A good friend will make you laugh, defend you in an argument, cheer you on when you’re doing well and cheer you up when you’re feeling sad. Best buds can be good for your health, too. Maintaining close relationships means less stress and a longer life.
And you don’t even have to be human.
Just as with people, animals of other sorts can benefit from having a BFF. New studies show that animals with someone they can count on — to get them out of a scrape, share food or deliver a kind gesture — are more likely to reproduce and are better at fighting disease.
Such findings suggest that the need for a trusted, dependable companion goes way back in time. If so, friendship may confer evolutionary advantages.
“It’s beginning to look like a strong, evolutionarily ancient phenomenon that’s shared by many social species,” says Dorothy Cheney, a biologist at the University of Pennsylvania in Philadelphia who has studied primate relationships for four decades.
Many of the behaviors that hint at animal friendships have been observed in the field. Studies of monkeys, horses and chimpanzees reveal that individuals are selective about whom they spend time with or feed near. Some male chimpanzees are more likely to hang out together, groom each other, share meat and accompany one another on hunts or border patrols. Female baboons will groom some peers more than others, and are more likely to come to the aid of someone who recently groomed them.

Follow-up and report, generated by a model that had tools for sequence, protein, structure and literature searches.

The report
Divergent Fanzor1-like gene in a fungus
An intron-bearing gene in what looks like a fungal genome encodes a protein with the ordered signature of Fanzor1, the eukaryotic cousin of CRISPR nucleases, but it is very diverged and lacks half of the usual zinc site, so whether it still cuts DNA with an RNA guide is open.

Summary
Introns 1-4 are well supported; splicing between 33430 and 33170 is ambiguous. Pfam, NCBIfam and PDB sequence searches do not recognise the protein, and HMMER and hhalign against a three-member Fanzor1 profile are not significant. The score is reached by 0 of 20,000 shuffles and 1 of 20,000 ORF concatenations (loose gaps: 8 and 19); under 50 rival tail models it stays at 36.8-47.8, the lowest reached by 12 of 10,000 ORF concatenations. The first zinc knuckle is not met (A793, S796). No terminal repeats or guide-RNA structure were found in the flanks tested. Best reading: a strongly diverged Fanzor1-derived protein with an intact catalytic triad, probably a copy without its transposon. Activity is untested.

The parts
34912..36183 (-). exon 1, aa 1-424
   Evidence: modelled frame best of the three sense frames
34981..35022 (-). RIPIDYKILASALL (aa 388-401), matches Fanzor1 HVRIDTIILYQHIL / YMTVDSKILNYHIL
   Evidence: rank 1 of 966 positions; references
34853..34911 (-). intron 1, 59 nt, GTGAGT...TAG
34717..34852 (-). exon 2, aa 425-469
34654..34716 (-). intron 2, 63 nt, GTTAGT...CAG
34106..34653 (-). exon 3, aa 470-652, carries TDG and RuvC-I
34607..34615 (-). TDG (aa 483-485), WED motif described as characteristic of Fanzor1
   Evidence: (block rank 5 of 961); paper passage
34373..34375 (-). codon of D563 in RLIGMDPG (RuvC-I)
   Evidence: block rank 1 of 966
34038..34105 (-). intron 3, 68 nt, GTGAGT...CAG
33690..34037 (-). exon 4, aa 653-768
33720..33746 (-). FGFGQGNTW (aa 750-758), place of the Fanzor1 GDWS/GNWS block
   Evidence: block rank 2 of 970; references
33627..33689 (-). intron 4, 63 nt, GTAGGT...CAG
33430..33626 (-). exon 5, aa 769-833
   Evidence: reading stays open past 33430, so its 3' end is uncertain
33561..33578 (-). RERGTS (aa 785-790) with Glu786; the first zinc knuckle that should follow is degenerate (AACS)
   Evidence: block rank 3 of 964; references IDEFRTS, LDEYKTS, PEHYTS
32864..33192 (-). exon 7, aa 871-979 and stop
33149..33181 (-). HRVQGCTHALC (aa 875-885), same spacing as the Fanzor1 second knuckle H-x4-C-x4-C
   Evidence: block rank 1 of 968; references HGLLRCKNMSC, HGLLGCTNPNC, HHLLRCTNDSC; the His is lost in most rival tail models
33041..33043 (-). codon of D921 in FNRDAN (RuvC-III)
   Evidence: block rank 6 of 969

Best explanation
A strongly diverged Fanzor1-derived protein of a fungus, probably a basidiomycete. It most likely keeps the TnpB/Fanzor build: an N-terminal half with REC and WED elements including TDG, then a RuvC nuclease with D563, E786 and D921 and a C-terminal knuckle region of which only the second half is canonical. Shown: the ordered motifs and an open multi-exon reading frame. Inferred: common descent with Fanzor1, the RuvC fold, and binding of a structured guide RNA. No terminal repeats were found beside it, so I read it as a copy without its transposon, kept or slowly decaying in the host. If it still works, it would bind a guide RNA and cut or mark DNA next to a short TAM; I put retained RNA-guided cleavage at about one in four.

Further studies find that female baboons closely bonded to a few other females have more surviving offspring and often live longer. Similar results have been found in elephants, dolphins and rodents, as well as in horses and chimps.
With these friendly findings in mind, researchers are working to tie together animals’ behavior and physiological responses over time in hopes of better understanding the benefits of having a buddy. Recent work shows, for example, that a social-bonding hormone makes monkeys more generous with others. Other studies are turning to genes to try to understand why some animals win out when it comes to popularity.